groucho adm dialout cdrom floppy tape sudo audio dip video plugdev netdev lpadmin scanner
groucho@devuan:~$
So, I can sudo shutdown, sudo reboot, etc. as permitted by /etc/sudoers.d/user_shutdown.

Code:
[root@devuan groucho]# cat /etc/sudoers.d/user_shutdown
groucho ALL= NOPASSWD: /usr/sbin/pm-suspend, /usr/sbin/pm-hibernate, /sbin/halt, /sbin/reboot
[root@devuan groucho]#
I can also generate a properly written (yay!) '/etc/sudoers.d/' file which will enable me to use 'sudo' for running anything (within very strict boundaries) that may I need to run and requires adm privileges.

eg: tested running LinSSID
Code:
[root@devuan groucho]# cat /etc/sudoers.d/user_linssid
%groucho ALL=(ALL) NOPASSWD:/usr/bin/linssid 
[root@devuan groucho]#
So it does not seem to be an authorization issue.(?)

I was wondering if anyone using the same DE hs seen this happen or has any idea as to what could be happening with 'services'?

Thanks in advance,

A.

Last edited by Altoid; 09-02-2018 at 12:39 PM. Reason: Clearer title for thread
 
Old 09-03-2018, 05:38 AM   #2
wpeckham
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I am not running an instance of Devuan and have not since it was new (tried it then, and liked it but have not had a need for it since).


Still, to my knowledge sudo is not a service. I have always used it as an on-demand facility, not as a service. I cannot imagine what advantage there might be in running it as a service. Can you point me to a link?

As for smartmontools, quoting the page of origin for the package
Quote:
The smartmontools package contains two utility programs (smartctl and smartd) to control and monitor storage systems using the Self-Monitoring, Analysis and Reporting Technology System (SMART) built into most modern ATA/SATA, SCSI/SAS and NVMe disks. In many cases, these utilities will provide advanced warning of disk degradation and failure. Smartmontools was originally derived from the Linux ​smartsuite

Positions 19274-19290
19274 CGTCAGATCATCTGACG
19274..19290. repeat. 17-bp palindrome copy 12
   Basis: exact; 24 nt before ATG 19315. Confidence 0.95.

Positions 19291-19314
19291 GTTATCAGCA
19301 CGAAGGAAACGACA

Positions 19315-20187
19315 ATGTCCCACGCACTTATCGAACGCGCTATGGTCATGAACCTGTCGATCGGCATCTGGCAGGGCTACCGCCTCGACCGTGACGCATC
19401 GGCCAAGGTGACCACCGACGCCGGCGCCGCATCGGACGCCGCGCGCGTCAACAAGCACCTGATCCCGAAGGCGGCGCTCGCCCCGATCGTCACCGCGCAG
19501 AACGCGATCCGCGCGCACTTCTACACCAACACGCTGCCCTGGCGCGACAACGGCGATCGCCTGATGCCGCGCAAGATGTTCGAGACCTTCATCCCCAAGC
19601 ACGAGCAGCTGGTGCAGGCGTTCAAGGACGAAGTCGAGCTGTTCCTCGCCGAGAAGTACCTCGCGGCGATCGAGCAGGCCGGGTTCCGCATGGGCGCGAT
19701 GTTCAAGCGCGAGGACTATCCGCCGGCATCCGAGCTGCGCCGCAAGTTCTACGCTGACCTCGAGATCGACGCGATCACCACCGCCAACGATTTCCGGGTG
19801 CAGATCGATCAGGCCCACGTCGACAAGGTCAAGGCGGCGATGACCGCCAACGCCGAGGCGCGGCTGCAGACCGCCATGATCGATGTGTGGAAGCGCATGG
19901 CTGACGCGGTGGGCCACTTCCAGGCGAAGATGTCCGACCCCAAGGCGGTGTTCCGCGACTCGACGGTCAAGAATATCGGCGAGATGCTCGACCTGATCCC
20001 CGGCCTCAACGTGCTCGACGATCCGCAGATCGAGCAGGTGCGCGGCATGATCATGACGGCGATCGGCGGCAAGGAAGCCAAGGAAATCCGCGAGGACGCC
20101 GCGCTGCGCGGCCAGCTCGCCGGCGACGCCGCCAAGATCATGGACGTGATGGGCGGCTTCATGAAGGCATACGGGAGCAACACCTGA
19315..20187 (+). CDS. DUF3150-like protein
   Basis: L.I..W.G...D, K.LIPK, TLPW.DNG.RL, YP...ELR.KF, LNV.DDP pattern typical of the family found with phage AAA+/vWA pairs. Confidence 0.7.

You would seem to be trying to start a service using a package name, you need to be using the service name or executable name. In this case I think you want "smartd". I could easily be wrong here, as I do NOT have that distribution currently running.

Since Devuan uses the traditional/classical service definitions, you can easily check the start up script in the rc.d structure for the service control files to be certain. That is where I would start.
 
Old 09-03-2018, 07:48 AM   #3
Altoid
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Registered: Oct 2016
Location: Southern Hemisphere
Distribution: Devuan
Posts: 106

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Hello:
Quote:
Originally Posted by wpeckham
... to my knowledge sudo is not a service.
Code:
groucho@devuan:~$ cat /etc/init.d/sudo
#! /bin/sh

### BEGIN INIT INFO
# Provides:          sudo
# Required-Start:    $local_fs $remote_fs
# Required-Stop:
# X-Start-Before:    rmnologin
# Default-Start:     2 3 4 5
# Default-Stop: